It is not so much the wills and woulds as the "solves" that makes it unclear which eventualities are hypothetical. In the context of present-form narrative, the indicative implies an actual eventuality, which in turn implies that a) Mary perseveres in her determination to kill herself and b) the consequent murder is also actualized.
If that is the case, either will or would is OK. Irrealis would implies a momentary hesitation while Mary considers the possible consequences, while realis will signals that Mary's determination to kill herself does not flag and she regards the consequence as inevitable until she comes up with a "solution".
But your afterword and the original form of your question indicate that Mary's resolution is weakened by her realization. If that is the case, then you should signal that with irrealis would and should recast "solves" as a hypothetical:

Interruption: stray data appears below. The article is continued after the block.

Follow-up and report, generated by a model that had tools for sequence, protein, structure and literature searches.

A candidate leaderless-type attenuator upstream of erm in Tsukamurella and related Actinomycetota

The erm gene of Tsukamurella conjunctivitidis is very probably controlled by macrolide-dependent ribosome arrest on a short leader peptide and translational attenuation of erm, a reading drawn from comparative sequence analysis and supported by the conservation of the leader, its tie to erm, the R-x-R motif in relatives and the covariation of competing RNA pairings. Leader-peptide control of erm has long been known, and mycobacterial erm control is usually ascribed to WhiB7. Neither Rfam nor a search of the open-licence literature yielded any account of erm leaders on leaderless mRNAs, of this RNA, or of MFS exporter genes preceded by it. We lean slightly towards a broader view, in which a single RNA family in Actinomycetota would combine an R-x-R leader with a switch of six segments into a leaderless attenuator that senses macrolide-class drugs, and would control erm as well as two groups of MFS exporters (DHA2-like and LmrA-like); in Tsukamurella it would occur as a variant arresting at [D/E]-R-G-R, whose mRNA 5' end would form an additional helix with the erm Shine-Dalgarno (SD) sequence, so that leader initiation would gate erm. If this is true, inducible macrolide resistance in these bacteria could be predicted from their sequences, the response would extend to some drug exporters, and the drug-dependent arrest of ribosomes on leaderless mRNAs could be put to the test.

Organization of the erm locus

She realizes that she would leave her daughter behind, who would (have to) grow up without a mother. She might solve this problem by going upstairs and murdering her daughter . . . But that's no solution . . .
Note that the have to does not affect the reality of the clause: it merely introduces a layer of epistemicity to the modality.
Note, too, that the -ing forms are not affected in either case: these are gerund-participles, non-finite forms which are not marked for either tense or modality.
I see now that you inserted (das is doch keine Lösung) in order to cast "solves" as hypothetical. I'm afraid that doesn't work in English†: the verbform/construction has to "agree" with the modality of the clause.
† I'm not real comfortable with it in German either; but that may be a deficiency in my understanding of German idiom.